How to Plan for IoT Success: Strategy and Recommendations

The Internet of Things (IoT) is poised to deliver substantial economic and operational value to almost every business process in every industry. As a matter of fact, McKinsey estimates IoT has a potential economic impact between $2.7–$6.2 trillion by 2025.1

Gaining this value depends on the successful marriage of information technology (IT) and operational technology (OT), with each bringing a diverse mix of systems, business process knowledge, and services to the table.

This is because IT expertise and tools are critical to connecting traditionally unconnected operational technologies, ranging from kidney dialysis machines and video surveillance systems to interstate toll highways, aerial drones, and mobility-based voting booths.

IoT can be the driver of a powerful marriage between OT and IT, but as with any marriage, there are potential pitfalls and difficult decisions to be made along the way.

The Twin Challenges of Security and Data Management

IoT generates huge volumes of data, and much of it is produced by simple devices with little or no security. Securing an IoT implementation from the sensor to the cloud or data center and managing the data it generates present two huge challenges.

Data management and security cannot be accomplished simply by bolting on applications or dedicating individual servers and storage to IoT workloads. New solutions for data control, security, devices, connectivity, and more are required to ensure that data is managed for maximum efficiency, scalability, flexibility, and adherence to data governance models.

A New Architecture for IoT

For IT and OT systems to work together seamlessly, a new IT architecture is needed to control, manage, and secure things, applications, data, and processes from the data center to every operational center in the enterprise. An IoT architecture comprises two main elements: the content plane and the control plane.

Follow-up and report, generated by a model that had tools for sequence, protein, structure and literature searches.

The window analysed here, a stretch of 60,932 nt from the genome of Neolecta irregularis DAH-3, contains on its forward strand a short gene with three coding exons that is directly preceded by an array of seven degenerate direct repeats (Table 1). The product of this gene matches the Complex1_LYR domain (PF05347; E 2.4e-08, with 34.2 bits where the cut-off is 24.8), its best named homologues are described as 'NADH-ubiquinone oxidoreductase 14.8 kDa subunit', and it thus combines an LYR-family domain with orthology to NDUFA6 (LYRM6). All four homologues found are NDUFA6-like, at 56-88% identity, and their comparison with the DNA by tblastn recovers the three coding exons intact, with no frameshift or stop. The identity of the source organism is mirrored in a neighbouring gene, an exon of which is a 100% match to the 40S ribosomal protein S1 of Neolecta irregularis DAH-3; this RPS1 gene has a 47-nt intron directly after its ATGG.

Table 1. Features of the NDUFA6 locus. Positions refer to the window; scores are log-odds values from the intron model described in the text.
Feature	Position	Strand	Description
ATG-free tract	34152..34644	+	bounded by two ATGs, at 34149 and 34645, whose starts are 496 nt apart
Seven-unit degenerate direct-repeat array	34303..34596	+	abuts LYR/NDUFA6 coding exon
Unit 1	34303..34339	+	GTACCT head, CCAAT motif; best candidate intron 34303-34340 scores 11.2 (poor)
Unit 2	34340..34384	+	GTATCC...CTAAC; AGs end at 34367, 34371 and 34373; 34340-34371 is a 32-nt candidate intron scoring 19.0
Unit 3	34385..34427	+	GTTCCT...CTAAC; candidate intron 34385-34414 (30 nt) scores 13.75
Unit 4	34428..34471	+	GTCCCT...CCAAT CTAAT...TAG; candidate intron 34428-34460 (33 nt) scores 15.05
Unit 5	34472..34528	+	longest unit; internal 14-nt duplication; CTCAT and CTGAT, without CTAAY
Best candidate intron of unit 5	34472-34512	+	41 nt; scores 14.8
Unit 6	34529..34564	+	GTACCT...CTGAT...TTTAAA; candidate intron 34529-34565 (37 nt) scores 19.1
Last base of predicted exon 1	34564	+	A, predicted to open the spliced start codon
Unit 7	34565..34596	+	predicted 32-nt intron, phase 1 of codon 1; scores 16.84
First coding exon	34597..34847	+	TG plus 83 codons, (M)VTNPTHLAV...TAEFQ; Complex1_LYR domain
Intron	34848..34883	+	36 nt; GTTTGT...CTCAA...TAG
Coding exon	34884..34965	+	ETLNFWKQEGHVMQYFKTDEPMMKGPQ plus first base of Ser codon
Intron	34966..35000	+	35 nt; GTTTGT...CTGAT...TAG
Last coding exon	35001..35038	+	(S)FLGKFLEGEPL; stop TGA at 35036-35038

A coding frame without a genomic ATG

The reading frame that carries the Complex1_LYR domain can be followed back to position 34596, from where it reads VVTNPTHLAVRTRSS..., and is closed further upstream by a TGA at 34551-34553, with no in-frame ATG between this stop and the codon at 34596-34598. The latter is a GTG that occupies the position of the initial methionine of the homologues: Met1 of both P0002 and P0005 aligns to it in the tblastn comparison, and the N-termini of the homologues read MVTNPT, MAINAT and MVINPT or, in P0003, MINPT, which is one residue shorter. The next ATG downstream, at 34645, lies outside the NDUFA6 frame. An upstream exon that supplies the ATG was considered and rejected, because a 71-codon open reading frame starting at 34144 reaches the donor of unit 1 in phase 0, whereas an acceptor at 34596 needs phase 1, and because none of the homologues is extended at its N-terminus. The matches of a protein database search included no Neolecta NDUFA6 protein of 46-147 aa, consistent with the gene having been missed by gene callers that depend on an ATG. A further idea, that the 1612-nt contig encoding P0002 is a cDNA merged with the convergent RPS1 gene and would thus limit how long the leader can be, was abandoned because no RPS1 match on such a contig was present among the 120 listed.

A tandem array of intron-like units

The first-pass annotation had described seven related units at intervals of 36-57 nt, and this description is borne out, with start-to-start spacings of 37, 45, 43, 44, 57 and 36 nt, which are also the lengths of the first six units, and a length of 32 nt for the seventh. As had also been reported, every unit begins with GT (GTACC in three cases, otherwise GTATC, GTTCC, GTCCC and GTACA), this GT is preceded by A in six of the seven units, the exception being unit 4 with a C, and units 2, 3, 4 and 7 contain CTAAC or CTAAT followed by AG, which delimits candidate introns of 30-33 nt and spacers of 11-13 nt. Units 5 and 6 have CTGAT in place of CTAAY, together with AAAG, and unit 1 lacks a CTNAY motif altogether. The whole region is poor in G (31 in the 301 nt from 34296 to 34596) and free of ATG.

The Content Plane

The content plane refers to the data flowing from the edge of the system to the IoT platform, which is typically located in a traditional data center, but which could be in an operational facility.

Within this platform, data is sorted, analyzed, and used for applications such as supply chain automation and customer experience management.

The Control Plane

The control plane refers to the infrastructure, security, and management tools required to implement an IoT solution: from endpoints such as sensors back to the data center or the cloud where IoT workloads are hosted. It is often overlooked during the early stages of an IoT project, causing headaches and delays when scaling from proof of concept (POC) to production.

Many enterprise IoT use cases include remote, unmanned devices. They need to be monitored to determine whether they are operating correctly, and when maintenance or replacement are required. Over time, they may need firmware updates or to be remotely restarted. These are all critical functions of the IoT control plane and IoT infrastructure management.

Monitoring, managing, and securing millions of disparate things like sensors, devices, or edge gateways is a challenge for an administrator. The control plane needs a “control center” to manage all the “things,” and to monitor their health and behavior. Ideally this should be accessible through a single management console.

This console should enable services to be orchestrated for IT and business process automation. It should reduce human touch points, and free up both IT and operational personnel for analytics-based decision making.

IoT Infrastructure Management Blueprint

A blueprint has emerged for the functionality and capabilities necessary to manage the IoT control plane in enterprise-scale production environments. Key requirements include:

  1. Support for diverse protocols. IoT infrastructure management tools should provide vendor-neutral management for the wide variety of protocols and data formats.
  2. Ability to orchestrate data. It is essential that IoT infrastructure management is capable of providing complete control of data and managing it according to preset rules.
  3. Security by design. Any IoT infrastructure management solution should provide security at all levels of the device and data lifecycle.
  4. Automated detection, configuration, and management of edge systems. Good IoT infrastructure management solutions automate onboarding, software updates, and timely action according to preconfigured rules.
  5. Scalability in building and deploying enterprise-grade solutions. It is critical that IoT infrastructure management is able to manage both legacy and new architectures seamlessly, while having the agility to easily scale up or down to meet changing business needs.

Planning for IoT infrastructure management early in an IoT project ensures the successful marriage of IT and OT to deliver business value and ROI quickly and efficiently. IoT at enterprise-scale is rewarding but challenging, so plan ahead for success.   

Download the full whitepaper, “How to Plan for IoT Success: Strategy and Recommendations.”

1McKinsey Global Institute analysis